I found this lovely posting that was both personally relevant and in fact timeless. How many times I have felt these things in church--and in fact in most public places! The problem of invisible disability is frustrating, to say the least. We don't want to bring it up because people feel they have the right to ask us personal questions and then offer up their own experiences of pain and worst of all their suggestions for cure or symptom management. I have given up sharing it with new acquaintances and play it down with old ones. It's just too painful to try to get understanding. I salute Kit Watson for her contribution: 22nd December - The chronically illCome to me, all you that are weary and are carrying heavy burdens, and I will give you rest. Take my yoke upon you, and learn from me; for I am gentle and humble in heart, and you will find rest for your souls. For my yoke is easy, and my burden is light. Matthew 11:28-30 You probably know several people who have invisible dis…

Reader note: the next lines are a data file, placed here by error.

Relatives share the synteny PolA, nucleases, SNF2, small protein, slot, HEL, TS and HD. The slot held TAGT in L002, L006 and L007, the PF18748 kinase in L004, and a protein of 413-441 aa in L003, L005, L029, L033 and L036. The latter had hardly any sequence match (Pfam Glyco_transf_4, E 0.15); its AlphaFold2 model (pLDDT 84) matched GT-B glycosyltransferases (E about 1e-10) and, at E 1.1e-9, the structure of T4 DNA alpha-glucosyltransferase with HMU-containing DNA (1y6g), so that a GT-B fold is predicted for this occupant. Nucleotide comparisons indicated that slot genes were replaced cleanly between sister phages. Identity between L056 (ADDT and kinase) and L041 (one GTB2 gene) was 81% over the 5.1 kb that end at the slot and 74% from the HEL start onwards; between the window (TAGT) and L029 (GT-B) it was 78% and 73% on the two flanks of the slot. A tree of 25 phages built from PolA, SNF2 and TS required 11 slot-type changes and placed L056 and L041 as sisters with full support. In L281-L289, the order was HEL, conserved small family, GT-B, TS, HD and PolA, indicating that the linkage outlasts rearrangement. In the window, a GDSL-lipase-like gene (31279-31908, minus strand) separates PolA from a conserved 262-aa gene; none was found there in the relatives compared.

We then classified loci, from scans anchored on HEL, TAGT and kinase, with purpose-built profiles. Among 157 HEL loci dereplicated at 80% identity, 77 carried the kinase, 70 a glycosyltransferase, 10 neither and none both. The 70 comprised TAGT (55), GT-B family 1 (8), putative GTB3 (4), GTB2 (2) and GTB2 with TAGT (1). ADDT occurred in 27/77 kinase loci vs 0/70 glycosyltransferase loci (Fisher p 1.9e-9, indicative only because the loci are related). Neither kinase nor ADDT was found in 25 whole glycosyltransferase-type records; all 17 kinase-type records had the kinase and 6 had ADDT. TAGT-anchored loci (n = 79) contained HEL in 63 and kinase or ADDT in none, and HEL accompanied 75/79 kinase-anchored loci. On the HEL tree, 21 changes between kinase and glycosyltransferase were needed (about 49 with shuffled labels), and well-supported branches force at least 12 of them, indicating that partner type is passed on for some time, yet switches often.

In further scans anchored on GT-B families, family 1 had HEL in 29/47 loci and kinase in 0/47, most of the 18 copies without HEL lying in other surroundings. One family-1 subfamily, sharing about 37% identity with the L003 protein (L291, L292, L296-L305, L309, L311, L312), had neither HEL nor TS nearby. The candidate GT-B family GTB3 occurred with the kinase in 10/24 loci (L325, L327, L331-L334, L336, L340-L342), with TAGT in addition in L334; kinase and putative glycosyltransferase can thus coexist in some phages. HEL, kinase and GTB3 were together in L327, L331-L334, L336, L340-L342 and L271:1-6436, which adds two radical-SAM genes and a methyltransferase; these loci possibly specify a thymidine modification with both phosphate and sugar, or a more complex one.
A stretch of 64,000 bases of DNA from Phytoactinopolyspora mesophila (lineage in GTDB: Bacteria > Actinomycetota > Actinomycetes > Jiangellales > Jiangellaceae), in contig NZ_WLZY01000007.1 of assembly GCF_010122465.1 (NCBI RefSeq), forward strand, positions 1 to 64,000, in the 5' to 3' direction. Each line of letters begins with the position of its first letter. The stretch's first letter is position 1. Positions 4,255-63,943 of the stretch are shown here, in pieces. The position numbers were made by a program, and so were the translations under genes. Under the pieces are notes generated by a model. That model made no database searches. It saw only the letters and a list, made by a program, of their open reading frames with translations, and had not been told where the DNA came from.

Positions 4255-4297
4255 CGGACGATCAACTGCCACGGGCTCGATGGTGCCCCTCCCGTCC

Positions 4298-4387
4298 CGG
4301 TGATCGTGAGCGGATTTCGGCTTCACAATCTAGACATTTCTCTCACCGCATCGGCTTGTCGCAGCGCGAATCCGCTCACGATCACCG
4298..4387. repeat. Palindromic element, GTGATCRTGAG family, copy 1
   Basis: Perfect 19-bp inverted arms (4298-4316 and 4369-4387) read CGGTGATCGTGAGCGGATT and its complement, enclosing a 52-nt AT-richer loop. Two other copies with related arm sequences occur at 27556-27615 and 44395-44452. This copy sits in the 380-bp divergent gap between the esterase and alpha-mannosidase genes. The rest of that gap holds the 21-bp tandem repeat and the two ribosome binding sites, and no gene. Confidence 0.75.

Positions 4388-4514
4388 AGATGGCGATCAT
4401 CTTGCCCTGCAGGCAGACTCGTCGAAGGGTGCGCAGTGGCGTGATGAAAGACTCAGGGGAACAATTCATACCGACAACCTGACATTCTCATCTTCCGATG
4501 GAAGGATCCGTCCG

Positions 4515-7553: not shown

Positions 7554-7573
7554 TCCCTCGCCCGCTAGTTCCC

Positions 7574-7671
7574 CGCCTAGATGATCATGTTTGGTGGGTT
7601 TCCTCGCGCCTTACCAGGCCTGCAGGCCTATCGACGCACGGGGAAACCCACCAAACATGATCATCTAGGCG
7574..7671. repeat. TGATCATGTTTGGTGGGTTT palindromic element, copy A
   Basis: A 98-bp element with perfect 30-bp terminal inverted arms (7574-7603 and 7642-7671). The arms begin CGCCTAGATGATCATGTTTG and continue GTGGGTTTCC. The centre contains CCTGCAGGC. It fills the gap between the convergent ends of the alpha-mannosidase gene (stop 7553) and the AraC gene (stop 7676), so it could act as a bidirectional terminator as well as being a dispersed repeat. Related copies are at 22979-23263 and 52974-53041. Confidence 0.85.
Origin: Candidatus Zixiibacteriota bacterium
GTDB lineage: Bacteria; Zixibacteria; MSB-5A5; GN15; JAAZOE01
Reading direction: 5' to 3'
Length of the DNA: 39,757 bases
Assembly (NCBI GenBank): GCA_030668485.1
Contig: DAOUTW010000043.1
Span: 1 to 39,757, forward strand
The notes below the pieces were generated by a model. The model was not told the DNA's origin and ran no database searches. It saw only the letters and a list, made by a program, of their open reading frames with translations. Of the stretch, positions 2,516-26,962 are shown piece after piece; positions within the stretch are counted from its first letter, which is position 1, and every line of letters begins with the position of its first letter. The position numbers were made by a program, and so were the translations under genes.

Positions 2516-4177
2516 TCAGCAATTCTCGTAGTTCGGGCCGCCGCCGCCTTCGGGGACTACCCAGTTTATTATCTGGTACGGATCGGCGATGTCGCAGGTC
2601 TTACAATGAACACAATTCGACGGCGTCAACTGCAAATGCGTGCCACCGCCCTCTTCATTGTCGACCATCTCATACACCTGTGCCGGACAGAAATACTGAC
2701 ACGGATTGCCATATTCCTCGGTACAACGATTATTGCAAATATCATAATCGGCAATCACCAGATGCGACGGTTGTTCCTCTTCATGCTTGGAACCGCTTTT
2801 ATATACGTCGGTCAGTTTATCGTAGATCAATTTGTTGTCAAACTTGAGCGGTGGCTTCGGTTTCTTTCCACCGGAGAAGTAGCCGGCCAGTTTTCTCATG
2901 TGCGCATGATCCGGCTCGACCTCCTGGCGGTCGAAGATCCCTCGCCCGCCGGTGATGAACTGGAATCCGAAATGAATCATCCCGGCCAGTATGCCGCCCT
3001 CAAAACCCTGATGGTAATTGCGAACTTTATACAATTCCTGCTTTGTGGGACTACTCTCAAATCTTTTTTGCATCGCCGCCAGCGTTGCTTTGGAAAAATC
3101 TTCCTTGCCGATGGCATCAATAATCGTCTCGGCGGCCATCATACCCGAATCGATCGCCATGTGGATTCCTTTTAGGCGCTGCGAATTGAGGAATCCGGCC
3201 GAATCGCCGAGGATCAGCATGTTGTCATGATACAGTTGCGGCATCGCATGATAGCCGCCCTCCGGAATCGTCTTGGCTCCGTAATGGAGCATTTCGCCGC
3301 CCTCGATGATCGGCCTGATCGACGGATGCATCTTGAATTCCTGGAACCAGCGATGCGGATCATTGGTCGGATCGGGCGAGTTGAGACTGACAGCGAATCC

The Charnel-House

Image
~  From Bauhaus to Beinhaus


I tripped up on The Charnel-House through six degrees of social-media-postings-separation and was interested to see something so intellectually challenging in the blogosphere. Ross Wolfe is a post-grad student whose blog examines history, art, philosophy and architecture, amongst other things. To be honest, some of his posted art is a little macabre for my taste (and I love Kurelek's apocalyptic religious art!) and there is some political criticism that is not of interest to me, but I appreciated the breadth of his posts. I also found he was hearing, in his contact area, from people from very discrete backgrounds and was stimulating feedback that is not the usual blue and white thumbs up or expletive-loaded abuse hurled by some posts' readers. You can read more about him here and check out his posts here.




Macbeth for Graphic Readers

Image
I talked about Gareth Hinds in another blog a few years ago, because I appreciated what his work was contributing to keeping kids interested in mythology and literature. Next month, he has another book coming out, Macbeth in a new adaptation of the text. It's his fourth Shakespearean release and you can read more about his work and the reviews here.  You can place orders here, Amazon and various other outlets. I wish Gareth continued success in his work.